Last year I was working on navigating what it meant to be in a doctoral program, what I described as messy. This year, I continue to embrace and work in/through/with the mess but with a renewed focus toward balance and self-care. For me, that means finding ways to delegate and say no more to give myself realistic time to brain the expectations and responsibilities I have as a graduate student, teacher, and in leadership roles with those I have as a person, especially as a person who recently made some major life leaps (e.g. getting married, moving into a house in a new city).
These ideas are what have sparked what I’m currently beginning to pursue for my dissertation project. How do graduate students negotiate and balance the expectations of graduate study in the humanities with their lives? To this end, I’m beginning (IRB-accepted!) a qualitative interview- and document-based study that (this semester, at least) looks at how and what graduate students in composition and rhetoric 1) understand as the goals of their graduate program, 2) balance their professional goals with their personal lives, and 3) professionalize and work towards their degrees. Particularly, I’m hoping to collect organizational documents (e.g. lists, charts, journal writings) and other writing graduate students produce to process and/or “make sense of the mess,” so to speak.
Multimodal Post-9/11 Literature
I’m working on wrapping up coursework this semester and transitioning into exams. This semester, I am taking Andrea Olinger’s Methods class in which I am beginning the study I described above. I am also working toward taking my SLA exam in late April (#PHDOMG) with my SLA-exam committee (Fran McDonald and Bronwyn T. Williams). I am enjoying reading yet often devastated by the texts on my SLA exam reading list themed on Multimodal Post-9/11 Literature. I chose this topic primarily out of personal interest, but knew going in that it wasn’t going to be an easy topic for me, a person who spent the first nine years of her life growing up in Queens, NY, having only moved away less than a year before 9/11. Here, I find this exam project helping me to balance and further comprehend my emotions about 9/11 and post-9/11—a strange catharsis.
Teaching English 102
I balance my coursework and SLA reading with teaching my English 102 course themed on issues in Popular Culture. I have some incredibly bright students and am regularly impressed by their writing. To this end, I am continuing to navigate my own teacher-identity, having only taught versions of 101-courses up until this semester. I am working on revising my teaching philosophy statement as one way to respond to and make sense of this teacher-identity growth.
I’m also working on laying the groundwork for the 2018 Watson Conference as one of the Assistant Directors with Mary P. Sheridan and Laura Matravers. Right now, we have confirmed the theme of the conference and our 2018 keynote speakers (exciting announcements to come!) as well as beginning to develop what a digital publication out of the future conference might entail. I am eager to engage more as we put together the 2017 Watson Symposium.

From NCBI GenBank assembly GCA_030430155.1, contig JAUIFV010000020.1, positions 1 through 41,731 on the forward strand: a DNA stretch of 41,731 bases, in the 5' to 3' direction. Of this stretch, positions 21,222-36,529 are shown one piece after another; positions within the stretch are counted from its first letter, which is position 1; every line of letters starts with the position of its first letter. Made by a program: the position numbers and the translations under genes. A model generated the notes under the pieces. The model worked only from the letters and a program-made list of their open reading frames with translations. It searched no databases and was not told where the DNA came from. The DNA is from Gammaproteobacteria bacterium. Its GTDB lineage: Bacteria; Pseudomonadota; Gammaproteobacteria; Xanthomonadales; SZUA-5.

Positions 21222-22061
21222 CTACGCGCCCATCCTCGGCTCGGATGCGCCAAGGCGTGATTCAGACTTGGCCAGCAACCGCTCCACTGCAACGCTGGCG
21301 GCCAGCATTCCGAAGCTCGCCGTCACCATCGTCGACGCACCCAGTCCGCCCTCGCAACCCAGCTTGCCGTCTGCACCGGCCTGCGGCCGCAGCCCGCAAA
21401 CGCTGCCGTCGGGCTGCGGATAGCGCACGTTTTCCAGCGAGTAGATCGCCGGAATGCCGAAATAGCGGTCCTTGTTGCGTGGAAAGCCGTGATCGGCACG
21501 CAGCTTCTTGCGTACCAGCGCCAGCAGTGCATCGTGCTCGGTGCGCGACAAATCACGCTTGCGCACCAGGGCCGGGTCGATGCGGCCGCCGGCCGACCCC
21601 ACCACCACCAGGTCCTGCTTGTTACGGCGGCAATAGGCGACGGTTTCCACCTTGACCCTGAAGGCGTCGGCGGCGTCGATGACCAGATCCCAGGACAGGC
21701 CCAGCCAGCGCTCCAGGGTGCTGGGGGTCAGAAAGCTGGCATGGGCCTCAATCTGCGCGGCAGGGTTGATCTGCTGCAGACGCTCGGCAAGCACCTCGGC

I try to commit a few hours each week to revising writing towards submitting it to journals this summer. Currently, I’m wrapping up an article on experiences teaching a unit on privilege and identity in a first-year writing classroom in my Master’s (co-authored with Brita Thielen, who I co-designed the unit with); building a piece on the significance of failure in producing digital projects that I will present at Computers & Writing with Erin Kathleen Bahl (and then continue to work on towards submitting to a journal); and, revising my seminar paper from Bruce Horner’s fall Mobility Work in Composition class with hopes to send it off later this summer. Setting regular writing center appointments and Skype meetings with collaborators are what helps me stay on task and continue forward with these projects since I’ve learned that they can often be pushed to the bottom of the to-do list, though some weeks are definitely better research and writing weeks than others.
To balance all of the above, I read. I’ve read a lot since January partly due to my new one-hour commute to campus (audiobooks are incredible). I read lots of fiction and nonfiction that has nothing yet often so much to do with my research. I’ve renewed my love for reading novels by reading them regularly and almost-daily for the first time since undergrad. It’s sometimes perplexing how much we read for research projects, coursework, teaching prep, but how little we might read for ourselves—that’s something I’m working on. I also cook a lot. I have learned how to make my own pizza dough (need a stress reliever? Knead dough.). This week I’m teaching myself how to make pies from scratch.
More of what I’m working on can be found at my website: ashankakumari.com.
Ashanka Kumari is a 2nd-year PhD Student and an Assistant Director of the Thomas R. Watson Conference. She thinks the KitchenAid Stand Mixer is one of the most magical inventions in the world.